Player Impact

All money belonging to Cereus players was lost.  The amount owed was somewhere in the $45 million to $50 million range.

The two closest related failed sites to Cereus Poker Network are Absolute Poker and UltimateBet.  That is because both were skins on the network.  Another related filed site was Victory Poker.  The site was on the Cake Poker Network.  It was going to move to Cereus Poker Network.  Black Friday foiled those plans and saved players at Victory Poker from getting caught up in the scam at Cereus.

Related Failed Sites

Cereus Timeline

  • 2006
    UltimateBet sold to Absolute Poker.
  • 2007
    Madeira Fjord created as a firewall for U.S. investors.
  • 2007
    Absolute Poker and UltimateBet cheating scandals exposed.
  • 2008
    UltimateBet and Absolute Poker merge player pools creating Cereus.
  • 2008
    Kahnawake Gaming Commission fines Cereus Poker Network $500,000 for cheating scandal.
  • 2009
    Madeira Fjord investors stop receiving dividends.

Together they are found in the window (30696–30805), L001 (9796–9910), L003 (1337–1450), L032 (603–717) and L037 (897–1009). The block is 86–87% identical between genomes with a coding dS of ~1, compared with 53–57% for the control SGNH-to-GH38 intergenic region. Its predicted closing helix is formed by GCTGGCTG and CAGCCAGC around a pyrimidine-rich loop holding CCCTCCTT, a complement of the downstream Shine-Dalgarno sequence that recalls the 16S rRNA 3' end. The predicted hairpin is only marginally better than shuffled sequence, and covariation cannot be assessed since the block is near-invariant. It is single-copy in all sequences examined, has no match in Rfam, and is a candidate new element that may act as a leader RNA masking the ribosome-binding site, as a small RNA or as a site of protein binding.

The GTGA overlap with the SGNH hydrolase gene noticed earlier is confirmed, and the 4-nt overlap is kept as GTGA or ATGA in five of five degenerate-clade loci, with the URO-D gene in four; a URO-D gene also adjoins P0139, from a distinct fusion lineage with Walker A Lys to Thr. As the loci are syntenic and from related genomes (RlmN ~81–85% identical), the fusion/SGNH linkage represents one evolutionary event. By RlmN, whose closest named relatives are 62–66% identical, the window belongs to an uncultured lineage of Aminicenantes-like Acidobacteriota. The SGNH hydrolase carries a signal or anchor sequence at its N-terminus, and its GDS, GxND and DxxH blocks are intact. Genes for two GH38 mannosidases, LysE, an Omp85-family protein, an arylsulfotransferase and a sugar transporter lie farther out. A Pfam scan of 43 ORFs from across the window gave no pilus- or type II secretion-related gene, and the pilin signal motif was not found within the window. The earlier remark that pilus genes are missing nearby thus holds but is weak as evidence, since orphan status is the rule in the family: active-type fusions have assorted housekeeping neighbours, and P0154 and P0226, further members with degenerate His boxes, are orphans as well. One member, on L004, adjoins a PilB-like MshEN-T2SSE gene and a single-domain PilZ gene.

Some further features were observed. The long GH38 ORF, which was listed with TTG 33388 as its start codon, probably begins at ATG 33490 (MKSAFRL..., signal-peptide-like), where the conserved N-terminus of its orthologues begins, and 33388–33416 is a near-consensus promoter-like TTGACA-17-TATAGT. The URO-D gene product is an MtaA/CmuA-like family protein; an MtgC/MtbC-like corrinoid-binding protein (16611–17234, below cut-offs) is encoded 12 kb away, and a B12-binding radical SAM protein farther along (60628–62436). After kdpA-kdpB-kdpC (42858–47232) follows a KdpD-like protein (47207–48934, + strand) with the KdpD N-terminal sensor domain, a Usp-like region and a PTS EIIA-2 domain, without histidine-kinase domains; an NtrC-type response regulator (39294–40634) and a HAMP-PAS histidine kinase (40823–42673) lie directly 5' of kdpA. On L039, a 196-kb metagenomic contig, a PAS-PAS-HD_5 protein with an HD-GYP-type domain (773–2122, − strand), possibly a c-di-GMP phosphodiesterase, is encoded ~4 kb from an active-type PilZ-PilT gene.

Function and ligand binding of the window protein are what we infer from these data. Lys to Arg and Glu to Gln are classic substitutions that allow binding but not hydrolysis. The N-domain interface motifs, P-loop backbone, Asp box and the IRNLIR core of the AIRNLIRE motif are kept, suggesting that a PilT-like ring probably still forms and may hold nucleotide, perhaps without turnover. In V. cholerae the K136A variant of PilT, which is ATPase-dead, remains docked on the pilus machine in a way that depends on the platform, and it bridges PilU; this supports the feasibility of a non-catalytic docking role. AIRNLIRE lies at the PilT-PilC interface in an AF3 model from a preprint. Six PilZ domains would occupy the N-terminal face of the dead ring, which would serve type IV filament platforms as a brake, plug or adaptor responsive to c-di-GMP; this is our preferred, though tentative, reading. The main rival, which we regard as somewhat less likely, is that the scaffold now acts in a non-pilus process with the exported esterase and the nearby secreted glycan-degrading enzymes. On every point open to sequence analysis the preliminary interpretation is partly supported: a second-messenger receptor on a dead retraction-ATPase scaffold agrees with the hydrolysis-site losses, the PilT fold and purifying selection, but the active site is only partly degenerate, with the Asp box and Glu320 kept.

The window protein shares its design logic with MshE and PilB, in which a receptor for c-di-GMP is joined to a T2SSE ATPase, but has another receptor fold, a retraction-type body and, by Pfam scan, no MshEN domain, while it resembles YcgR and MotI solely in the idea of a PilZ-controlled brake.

• 2010
    Shell game involving Blanca Games acquisition reported.
  • 2010
    Rigged keno game exposed.
  • 2011
    Black Friday occurs, all cashouts canceled.
  • 2011
    Cereus Poker Network closes permanently.
888 Poker Review
  • Large player traffic
  • Above average quality of games
  • Social, recreational player focused
You can read more in our 888 Poker Review
BetOnline Poker Review
  • Third largest U.S. facing poker room with growing traffic.
  • Excellent and consistent payment processing.
  • Relatively juicy games.
You can read more in our BetOnline Review

Cereus FAQ

When did Absolute Poker acquire UltimateBet?

UltimateBet was sold to Absolute Poker in November 2006.

When did Absolute Poker and UltimateBet merge player pools?

Absolute Poker and UltimateBet merged player pools in November 2008. This created Cereus.

What software did Cereus use?

Cereus used Absolute Poker’s software.

What was Madeira Fjord?

Madeira Fjord was a company that was created to insulate U.S. investors from law enforcement. A fake $250 million loan was created that paid investors 12 percent interest.  These payments stopped in 2009.

What was Blanca Games?

Blanca Games was a shell company that acquired Cereus through a transaction that was used to try to hide the actual owners and operators of the network.

How much did Cereus owe players when it failed?

Cereus owed at least $45 million to players when it failed.

Why did Cereus fail?

Cereus used player funds to reimburse cheating victims.  It also used these deposits to operate the company.  It seems likely insiders ran off with some of it when the company failed.